Spinal balance anteriorization is associated with cognitive decline
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A research report on screening for cognitive decline in citizens’ motor examinations by Hikaru Nishimura, an occupational therapist in the Rehabilitation Center of Shinshu University Hospital, was published in the international science journal, Scientific Reports.
The posture of the spinal column assessed by the examination. The left shows a balanced front-back posture of the spinal column, while the center and the right are in the upper body forward to the pelvis, and the center of gravity ahead. The center of gravity tends to move forward in the elderly. By evaluating this, it is possible to detect a mild decline in cognitive function.
Since 2014, the Department of Orthopaedic Surgery of Shinshu University School of Medicine, and the Rehabilitation Center of Shinshu University Hospital have collaborated with the town of Obuse and New Life Hospital to conduct "the Obuse study", an epidemiological study based on the motor function examinations of the citizens. Occupational therapist Hikaru Nishimura, a member of the spine research group of the Obuse Study, together with Senior Assistant Professor Shota Ikegami of the Department of Rehabilitation Medicine, Professor Jun Takahashi of the Department of Orthopaedic Surgery, and others, conducted a screening of cognitive function decline by assessing spinal sagittal balance based on a radiological approach in the examinations of the citizens aged 50 to 89 years old. The result was reported in the international journal Scientific Reports (Impact factor 4.379).
Mild cognitive impairment is a stage between healthy and dementia and is estimated to occur in 10-20% of the elderly. Because this condition can be reversible to its original state, identifying whether a person has mild cognitive impairment is important for preventing future dementia. The spine research group of the Obuse Study has shown in previous studies that motor function decline occurs along with cognitive decline in the elderly and that motor function decline is manifested as changes in posture, leading to the hypothesis that it may be possible to screen for cognitive decline by detecting postural changes specific to the elderly and found that this hypothesis was correct.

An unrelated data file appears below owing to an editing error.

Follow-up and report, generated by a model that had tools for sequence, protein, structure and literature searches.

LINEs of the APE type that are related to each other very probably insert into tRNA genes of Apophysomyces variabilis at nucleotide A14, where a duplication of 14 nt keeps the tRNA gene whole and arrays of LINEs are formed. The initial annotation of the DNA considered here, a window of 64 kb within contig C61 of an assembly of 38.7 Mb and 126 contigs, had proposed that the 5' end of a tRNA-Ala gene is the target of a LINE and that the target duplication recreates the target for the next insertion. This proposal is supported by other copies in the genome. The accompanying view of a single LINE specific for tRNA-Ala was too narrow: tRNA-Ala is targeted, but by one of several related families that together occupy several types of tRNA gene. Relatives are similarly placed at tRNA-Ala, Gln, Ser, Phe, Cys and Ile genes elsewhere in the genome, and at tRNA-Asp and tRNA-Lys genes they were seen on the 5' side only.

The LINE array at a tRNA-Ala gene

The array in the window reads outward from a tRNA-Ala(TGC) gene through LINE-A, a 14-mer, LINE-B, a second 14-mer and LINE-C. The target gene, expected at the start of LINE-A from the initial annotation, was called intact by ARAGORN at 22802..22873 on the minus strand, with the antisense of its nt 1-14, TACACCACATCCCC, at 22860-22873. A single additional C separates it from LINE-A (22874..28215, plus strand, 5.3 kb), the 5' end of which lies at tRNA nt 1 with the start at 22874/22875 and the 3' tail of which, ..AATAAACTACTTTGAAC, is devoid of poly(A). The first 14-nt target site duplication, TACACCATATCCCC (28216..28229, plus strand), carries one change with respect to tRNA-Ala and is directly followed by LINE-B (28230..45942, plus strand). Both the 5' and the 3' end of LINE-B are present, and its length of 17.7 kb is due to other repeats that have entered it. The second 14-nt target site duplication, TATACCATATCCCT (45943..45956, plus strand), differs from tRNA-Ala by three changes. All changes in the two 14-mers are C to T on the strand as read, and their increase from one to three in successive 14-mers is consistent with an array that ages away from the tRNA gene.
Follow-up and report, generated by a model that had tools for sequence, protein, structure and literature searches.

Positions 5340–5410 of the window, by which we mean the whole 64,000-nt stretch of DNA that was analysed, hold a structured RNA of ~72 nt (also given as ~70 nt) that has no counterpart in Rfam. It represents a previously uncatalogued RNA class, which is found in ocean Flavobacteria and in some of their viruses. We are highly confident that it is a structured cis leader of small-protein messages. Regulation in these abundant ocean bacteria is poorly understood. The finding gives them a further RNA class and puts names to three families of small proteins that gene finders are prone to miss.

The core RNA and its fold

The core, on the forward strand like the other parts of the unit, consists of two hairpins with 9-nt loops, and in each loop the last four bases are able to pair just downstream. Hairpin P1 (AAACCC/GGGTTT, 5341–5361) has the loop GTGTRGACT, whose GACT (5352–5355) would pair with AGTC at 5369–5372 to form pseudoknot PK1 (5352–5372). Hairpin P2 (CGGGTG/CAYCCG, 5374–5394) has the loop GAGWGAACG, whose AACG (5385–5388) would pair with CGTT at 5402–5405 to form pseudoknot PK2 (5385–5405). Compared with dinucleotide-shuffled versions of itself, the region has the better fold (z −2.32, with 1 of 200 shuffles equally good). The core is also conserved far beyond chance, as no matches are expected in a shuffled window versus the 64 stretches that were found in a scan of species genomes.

Sagittal vertical axis (SVA) is a typical indicator of spinal sagittal balance, and SVA is the length of a horizontal line from the posterior superior border of the sacral vertebral body to the anterior center of gravity of the seventh cervical vertebra in a plain lateral radiograph. In a balanced posture, the C7 vertebral body is located directly above the sacrum, so the SVA is around 0 cm. However, as the back rounds with getting older, the head gradually moves forward and the SVA increases to 5 cm, 10 cm, and so on. Nishimura et al. asserted that in male cases over 50 years old and who has an SVA of 10 cm or more, over 70 years old and has an SVA of 9 cm or more, or over 80 years old and has an SVA of 7 cm or more, there is a high possibility that cognitive decline is occurring. In addition, they stated that in women cases over 50 years of age, regardless of age, if the SVA is 7 cm or more, there is a high possibility that cognitive decline is also occurring.
Cognitive decline in the elderly is considered to be an element of "frailty", a condition unique to the elderly in which they tend to lose their health and require nursing care, in combination with the decline in physical function and loss of social roles that occur at the same time. Based on the results of this study, the spine research group of the Obuse Study hopes to use the results of this research to help prevent future required nursing care by identifying frailty at an early stage through postural examinations of citizens and providing appropriate intervention.
Title of the report and Authors:
Authors: Nishimura H, Ikegami S, Uehara M, Takahashi J, Tokida R, Kato H.
Title: Detection of cognitive decline by spinal posture assessment in health exams of the general older population. (Sci Rep. 2022 May 19;12(1):8460.)
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